Adjudication is a well established method of resolving disputes in the construction field in the UK, Australia, New Zealand and Singapore. Malaysia have followed this lead by passing the Construction Industry Payment and Adjudication Act 2012 (“CIPAA”). CIPAA is now in force and John Wright’s briefing is available by clicking here. John is a Construction Partner at Goodman Derrick with specialist knowledge and experience of international construction arbitration.

CRAR: A New System For The Recovery of Commercial Property Rent Arrears Is Now In Force

Background As of 6 April 2014 and as part of wider reforms introduced by the Government the ancient common law right of distress for rent has now been abolished and replaced by a new statutory procedure known as Commercial Rent Arrears Recovery or CRAR. The common law regime of distress was a self-help remedy previously […]


15% Higher Stamp Duty Rate For Companies Buying Residential Properties Now Kicks In At £500,000

The Chancellor’s 2014 Budget, announced on 19 March 2014, set out a number of changes and extensions to the post-2012 stamp duty land tax (“SDLT”) regime. Background The 15% SDLT rate was initially introduced in April 2012 and applied where a company bought a ‘single dwelling’ property for over £2 million. The Chancellor was clear […]

Potential Pitfalls of Digging Deep

Subterranean excavations may be an increasingly popular method of extending a property, but such developments also carry potential pitfalls. Planning controls do not usually apply to a development that does not affect the external appearance of a property, but means of redress still exist for neighbours who are adversely affected by basement excavation works, whether […]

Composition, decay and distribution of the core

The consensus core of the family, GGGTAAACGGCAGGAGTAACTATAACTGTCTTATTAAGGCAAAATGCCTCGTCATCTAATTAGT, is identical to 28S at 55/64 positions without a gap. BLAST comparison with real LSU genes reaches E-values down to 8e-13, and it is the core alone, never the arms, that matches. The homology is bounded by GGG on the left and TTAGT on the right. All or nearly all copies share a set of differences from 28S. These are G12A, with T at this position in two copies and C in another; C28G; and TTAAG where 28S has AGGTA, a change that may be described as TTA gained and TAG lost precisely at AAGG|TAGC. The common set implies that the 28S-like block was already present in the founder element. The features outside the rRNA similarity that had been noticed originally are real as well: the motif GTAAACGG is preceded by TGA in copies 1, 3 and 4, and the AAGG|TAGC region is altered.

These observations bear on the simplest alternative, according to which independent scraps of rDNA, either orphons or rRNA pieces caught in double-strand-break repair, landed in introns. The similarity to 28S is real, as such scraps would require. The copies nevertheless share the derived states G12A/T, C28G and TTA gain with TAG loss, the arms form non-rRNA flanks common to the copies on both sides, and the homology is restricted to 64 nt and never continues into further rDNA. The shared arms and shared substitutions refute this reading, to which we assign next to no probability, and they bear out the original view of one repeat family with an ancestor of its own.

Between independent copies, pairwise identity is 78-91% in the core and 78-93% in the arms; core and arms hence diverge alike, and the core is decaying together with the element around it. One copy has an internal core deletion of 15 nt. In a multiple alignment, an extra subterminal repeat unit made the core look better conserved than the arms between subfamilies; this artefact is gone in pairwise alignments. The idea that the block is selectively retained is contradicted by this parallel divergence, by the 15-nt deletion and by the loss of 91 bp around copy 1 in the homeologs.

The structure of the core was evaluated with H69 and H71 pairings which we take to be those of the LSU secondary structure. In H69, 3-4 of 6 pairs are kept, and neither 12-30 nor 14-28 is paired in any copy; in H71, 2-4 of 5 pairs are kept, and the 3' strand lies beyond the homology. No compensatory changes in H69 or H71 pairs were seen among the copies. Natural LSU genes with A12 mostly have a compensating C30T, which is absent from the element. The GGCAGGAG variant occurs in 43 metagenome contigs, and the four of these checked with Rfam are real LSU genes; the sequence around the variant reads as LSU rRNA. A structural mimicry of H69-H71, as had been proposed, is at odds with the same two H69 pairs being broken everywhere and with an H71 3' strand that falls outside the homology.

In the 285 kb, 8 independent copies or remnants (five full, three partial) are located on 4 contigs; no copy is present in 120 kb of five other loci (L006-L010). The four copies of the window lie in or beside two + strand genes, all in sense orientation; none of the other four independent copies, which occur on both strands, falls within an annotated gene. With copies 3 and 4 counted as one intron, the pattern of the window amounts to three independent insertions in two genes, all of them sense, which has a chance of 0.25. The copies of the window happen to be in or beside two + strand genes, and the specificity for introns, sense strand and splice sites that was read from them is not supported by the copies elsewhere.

Important Changes to English Litigation Costs – Part 2 (Costs Management)

New rules on costs management are intended to benefit litigants by ensuring that the legal costs of fighting a case are proportionate to the issues in dispute. On the face of it this sounds like it must be a positive step, however the reality is that the changes may not be as beneficial as would initially appear to be the case.

Rights to Light – Consultation Paper Published by Law Commission

A consultation paper has recently been published relating to rights to light. This article looks at the key recommendations made and considers the possible effects of any changes.


Extension of Permitted Development Rights

At the end of last month the Government announced a number of changes to permitted development rights, including allowing the change of use from offices (Class B1(a)) to residential (Class C3) without the need for planning permission. The intention of the new scheme is to make best use of existing developed sites and facilitate speedier conversion of redundant office space into desirable residential accommodation.

Important Changes to English Litigation Costs – Part 1

In Shakespeare’s time, lawyers adopted a “no fee, no breath” approach. In spite of the still widely held view that lawyers will do anything for money and nothing without it, “no win, no fee” arrangements have become commonplace in recent years in English litigation. However, a series of controversial changes are shortly to be introduced which, depending on one’s viewpoint, may reduce access to justice for some, whilst increasing it for others and place some losing parties in a fairer position, but some in a worse one. Jonathan Haydn-Williams explains the current position and the imminent changes.


When is a House not a House? Leasehold Enfranchisement Update

The Supreme Court gives guidance on the answer to this deceptive question …

When Might a Cap on Liability be Unenforceable?

A recent decision in the Technology & Construction Court has highlighted where liability caps will be viewed as unenforceable in cases where there is an ongoing obligation under the contract to maintain professional indemnity insurance.


Chancel Repair Liability Update

What is the position as regards chancel repair liability after 12 October 2013?